Near miss, AIS in the Malacca Straits
Go to this page to see a series of screen grabs illustrating a scary close call between the 32’ ketch Valhalla and the 132 meter tanker Miri Cahaya. I’d almost guess that the tanker was trying to slow down and turn right to go astern of the ketch, but that’s easy to say sitting in the comfort of my office. Captain Sargent was looking at a whole lot of moving steel with a Closest Point of Approach at one point of 44 meters! He also had prior knowledge of some malicious mariners in these waters, which is probably why he was collecting a history of screen shots. At any rate, he made a possibly controversial last minute decision to turn hard left and cross the tanker’s bow, and it worked. You might also look here to see Valhalla’s AIS setup, which includes a NASA receiver and SOB software (note above how it gives time of last message; nice!). The page also has some screens showing how AIS busy the Malacca Straits are. I understand that the Singapore Vessel Traffic Information System is possibly the busiest in the world, and is using AIS messaging heavily to route ships.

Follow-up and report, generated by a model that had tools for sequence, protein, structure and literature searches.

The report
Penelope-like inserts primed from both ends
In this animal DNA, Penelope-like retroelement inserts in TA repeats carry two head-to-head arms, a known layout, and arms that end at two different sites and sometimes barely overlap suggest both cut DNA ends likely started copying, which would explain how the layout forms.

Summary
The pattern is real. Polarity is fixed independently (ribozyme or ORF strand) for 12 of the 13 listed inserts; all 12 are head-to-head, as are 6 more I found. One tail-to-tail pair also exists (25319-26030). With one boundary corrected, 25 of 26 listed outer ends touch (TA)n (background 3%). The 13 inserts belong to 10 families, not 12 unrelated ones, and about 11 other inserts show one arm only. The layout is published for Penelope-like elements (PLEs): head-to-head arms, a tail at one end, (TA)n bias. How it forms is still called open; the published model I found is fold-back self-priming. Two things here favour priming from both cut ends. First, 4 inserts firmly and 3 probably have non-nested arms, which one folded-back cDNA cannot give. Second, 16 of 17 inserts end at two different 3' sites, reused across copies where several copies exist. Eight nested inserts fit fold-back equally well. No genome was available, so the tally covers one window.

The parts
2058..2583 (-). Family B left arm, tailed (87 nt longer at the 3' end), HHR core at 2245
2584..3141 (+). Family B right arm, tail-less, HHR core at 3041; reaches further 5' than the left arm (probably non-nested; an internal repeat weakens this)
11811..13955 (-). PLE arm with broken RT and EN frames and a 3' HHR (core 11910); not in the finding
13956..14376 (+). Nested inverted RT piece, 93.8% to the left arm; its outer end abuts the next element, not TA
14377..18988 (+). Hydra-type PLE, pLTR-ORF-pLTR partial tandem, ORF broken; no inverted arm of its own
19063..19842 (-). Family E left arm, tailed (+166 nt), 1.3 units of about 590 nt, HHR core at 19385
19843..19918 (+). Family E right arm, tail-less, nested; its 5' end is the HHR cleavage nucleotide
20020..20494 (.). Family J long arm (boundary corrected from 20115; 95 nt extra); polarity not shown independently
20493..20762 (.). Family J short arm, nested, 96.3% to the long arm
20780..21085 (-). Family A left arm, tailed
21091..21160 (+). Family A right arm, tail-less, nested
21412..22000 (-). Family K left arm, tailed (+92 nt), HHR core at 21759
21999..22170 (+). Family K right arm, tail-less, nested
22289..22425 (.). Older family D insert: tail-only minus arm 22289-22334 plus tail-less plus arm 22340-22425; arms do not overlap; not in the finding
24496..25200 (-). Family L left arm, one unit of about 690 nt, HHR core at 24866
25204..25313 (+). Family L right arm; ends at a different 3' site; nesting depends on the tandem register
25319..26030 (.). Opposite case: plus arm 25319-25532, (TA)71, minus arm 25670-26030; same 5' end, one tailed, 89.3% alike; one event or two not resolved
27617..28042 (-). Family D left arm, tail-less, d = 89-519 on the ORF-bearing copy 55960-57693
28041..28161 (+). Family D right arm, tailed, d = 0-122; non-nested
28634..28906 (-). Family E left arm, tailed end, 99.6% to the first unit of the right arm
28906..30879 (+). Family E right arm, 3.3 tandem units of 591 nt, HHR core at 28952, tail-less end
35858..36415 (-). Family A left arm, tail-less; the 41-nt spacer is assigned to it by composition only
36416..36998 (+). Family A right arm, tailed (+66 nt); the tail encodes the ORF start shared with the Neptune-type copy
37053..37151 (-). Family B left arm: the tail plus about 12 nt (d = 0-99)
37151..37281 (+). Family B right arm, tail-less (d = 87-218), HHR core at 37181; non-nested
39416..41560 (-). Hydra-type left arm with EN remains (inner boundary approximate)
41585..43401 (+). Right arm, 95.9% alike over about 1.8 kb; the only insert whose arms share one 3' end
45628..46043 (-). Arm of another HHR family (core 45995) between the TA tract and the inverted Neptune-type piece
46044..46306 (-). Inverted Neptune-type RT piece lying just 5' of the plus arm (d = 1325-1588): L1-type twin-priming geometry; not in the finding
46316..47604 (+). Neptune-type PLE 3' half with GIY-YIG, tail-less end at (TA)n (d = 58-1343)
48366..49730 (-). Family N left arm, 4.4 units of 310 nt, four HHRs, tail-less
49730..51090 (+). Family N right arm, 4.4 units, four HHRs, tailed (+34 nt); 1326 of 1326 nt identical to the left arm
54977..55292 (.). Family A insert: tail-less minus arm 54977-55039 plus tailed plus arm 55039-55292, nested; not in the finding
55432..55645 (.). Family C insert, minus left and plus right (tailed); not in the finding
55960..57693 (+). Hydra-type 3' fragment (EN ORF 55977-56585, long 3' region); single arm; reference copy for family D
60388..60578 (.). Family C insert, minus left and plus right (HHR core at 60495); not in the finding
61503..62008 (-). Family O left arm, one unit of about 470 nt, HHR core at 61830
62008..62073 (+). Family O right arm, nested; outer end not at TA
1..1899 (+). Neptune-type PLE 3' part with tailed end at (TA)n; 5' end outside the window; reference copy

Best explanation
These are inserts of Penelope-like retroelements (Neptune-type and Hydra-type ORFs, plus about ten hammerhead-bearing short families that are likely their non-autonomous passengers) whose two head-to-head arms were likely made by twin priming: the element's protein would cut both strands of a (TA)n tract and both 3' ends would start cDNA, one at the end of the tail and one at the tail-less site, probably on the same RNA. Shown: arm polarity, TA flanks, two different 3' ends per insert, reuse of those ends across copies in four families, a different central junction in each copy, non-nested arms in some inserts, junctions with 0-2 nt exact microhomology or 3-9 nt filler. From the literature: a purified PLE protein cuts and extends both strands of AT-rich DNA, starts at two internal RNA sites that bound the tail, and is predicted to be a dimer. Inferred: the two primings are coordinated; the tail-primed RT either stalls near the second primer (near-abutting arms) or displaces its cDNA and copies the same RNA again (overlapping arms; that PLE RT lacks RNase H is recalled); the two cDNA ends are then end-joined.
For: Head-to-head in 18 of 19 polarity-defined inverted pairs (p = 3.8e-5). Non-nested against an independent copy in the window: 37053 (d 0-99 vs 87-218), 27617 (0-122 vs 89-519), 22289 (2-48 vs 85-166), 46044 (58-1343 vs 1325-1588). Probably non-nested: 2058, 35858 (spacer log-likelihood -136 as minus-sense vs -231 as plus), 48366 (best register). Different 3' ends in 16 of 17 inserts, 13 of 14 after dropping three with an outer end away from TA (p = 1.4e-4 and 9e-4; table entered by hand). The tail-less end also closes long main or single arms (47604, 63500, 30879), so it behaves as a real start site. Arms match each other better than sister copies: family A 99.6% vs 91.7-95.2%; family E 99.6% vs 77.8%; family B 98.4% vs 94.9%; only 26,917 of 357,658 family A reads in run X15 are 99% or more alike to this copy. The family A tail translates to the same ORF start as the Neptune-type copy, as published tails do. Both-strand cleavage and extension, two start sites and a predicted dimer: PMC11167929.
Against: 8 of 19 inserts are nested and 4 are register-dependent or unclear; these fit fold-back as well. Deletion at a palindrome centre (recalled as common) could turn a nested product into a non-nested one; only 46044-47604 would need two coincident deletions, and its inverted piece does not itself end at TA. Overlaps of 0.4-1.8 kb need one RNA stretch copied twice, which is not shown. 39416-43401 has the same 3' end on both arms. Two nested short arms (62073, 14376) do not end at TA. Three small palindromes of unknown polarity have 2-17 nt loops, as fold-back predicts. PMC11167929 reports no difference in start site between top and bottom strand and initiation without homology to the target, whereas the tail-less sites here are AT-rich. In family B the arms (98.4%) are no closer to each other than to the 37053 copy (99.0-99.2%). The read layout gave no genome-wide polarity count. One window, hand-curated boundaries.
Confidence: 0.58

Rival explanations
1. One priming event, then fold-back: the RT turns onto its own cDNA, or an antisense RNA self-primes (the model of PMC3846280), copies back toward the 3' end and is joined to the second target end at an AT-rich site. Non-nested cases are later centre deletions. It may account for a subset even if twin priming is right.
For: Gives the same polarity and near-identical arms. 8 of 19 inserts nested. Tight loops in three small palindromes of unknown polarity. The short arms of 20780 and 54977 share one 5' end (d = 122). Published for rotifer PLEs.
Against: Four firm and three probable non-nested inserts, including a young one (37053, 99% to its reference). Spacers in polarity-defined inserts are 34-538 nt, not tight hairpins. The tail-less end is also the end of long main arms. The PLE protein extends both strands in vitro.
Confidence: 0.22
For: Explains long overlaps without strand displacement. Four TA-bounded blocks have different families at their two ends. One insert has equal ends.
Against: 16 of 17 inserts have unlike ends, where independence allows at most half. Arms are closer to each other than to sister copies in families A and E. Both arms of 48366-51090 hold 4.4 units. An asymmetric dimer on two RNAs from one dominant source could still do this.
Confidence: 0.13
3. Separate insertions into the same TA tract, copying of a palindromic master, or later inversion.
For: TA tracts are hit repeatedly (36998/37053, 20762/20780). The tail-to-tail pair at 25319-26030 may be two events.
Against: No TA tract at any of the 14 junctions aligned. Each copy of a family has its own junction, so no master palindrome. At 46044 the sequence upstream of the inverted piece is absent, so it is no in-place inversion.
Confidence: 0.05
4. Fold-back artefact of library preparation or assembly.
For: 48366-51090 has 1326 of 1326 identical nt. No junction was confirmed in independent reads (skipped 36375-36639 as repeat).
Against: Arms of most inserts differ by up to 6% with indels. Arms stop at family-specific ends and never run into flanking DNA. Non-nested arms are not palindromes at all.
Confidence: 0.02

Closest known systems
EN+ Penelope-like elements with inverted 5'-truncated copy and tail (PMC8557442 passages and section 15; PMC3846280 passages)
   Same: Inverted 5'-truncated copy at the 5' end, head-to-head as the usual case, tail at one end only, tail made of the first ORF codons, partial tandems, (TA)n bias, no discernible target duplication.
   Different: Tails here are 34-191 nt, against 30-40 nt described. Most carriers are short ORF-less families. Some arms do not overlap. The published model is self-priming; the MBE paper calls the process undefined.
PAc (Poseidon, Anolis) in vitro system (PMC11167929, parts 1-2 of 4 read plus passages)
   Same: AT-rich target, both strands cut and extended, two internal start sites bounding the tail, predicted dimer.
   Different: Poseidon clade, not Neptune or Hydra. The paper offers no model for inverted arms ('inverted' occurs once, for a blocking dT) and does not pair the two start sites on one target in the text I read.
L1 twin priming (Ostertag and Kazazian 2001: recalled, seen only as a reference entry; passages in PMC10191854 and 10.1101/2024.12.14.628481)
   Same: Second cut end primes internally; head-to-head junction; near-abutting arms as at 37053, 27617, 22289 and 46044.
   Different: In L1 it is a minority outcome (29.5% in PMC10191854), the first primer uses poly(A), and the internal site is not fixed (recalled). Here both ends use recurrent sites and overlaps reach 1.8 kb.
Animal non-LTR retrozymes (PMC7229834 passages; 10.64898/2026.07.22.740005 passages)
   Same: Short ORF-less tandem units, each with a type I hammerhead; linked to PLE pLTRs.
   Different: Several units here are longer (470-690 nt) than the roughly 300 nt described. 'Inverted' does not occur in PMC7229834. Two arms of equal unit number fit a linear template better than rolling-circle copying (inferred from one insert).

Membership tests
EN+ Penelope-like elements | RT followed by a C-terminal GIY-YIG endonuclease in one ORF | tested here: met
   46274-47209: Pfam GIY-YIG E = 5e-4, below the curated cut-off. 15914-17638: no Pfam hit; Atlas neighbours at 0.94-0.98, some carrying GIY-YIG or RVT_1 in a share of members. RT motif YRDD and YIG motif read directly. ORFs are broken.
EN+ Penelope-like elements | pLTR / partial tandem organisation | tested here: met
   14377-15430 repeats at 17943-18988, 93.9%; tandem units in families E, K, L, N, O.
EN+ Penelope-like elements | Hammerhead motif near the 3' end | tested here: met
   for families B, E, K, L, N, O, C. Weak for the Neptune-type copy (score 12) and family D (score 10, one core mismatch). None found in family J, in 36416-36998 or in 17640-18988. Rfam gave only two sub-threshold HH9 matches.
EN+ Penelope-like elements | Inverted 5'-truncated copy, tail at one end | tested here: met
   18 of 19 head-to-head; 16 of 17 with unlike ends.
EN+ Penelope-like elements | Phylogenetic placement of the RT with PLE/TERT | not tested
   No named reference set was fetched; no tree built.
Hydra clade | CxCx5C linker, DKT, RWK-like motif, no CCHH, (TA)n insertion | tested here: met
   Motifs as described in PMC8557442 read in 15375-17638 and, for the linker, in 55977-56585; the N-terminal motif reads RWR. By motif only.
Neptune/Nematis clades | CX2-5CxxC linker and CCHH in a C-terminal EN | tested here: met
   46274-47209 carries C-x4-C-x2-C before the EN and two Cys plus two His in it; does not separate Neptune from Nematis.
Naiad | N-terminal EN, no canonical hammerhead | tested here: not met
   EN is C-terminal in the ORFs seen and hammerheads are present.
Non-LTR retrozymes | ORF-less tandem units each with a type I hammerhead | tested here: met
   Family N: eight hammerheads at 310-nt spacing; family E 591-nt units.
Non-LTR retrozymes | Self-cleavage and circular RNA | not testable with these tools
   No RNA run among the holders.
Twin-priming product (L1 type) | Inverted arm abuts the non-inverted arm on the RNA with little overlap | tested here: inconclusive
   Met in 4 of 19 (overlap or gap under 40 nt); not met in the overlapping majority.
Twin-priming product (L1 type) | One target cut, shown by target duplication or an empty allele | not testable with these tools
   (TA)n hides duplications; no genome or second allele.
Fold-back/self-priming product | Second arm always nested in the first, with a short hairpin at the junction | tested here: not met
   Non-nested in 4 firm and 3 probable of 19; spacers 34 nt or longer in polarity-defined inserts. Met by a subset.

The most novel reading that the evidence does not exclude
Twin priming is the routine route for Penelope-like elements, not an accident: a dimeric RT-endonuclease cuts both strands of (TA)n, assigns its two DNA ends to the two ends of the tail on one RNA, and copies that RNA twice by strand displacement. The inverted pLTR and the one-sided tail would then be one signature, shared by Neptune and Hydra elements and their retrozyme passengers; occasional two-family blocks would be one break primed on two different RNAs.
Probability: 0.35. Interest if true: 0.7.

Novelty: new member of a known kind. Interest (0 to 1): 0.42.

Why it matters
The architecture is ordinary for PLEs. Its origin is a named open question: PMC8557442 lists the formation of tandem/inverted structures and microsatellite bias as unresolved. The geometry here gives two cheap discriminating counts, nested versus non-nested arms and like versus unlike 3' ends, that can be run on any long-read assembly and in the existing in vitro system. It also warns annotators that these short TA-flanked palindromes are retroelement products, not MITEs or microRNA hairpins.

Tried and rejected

This entry is also an example of how the Internet is changing cruising (and all communications). This incident happened on 11/17, was posted to Valhalla’s site yesterday, and Panbo reader Steve Tripp emailed me about it today. And as I was writing the entry this morning, Captain Sargent—now located in Langkawi, Malaysia—updated this useful page of cruising info about Port Carmen, Philippines, including an antique chart scan improved with GPS annotations by Steve. Big planet, small world.
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AIS near miss, Malacca Straits, part 2
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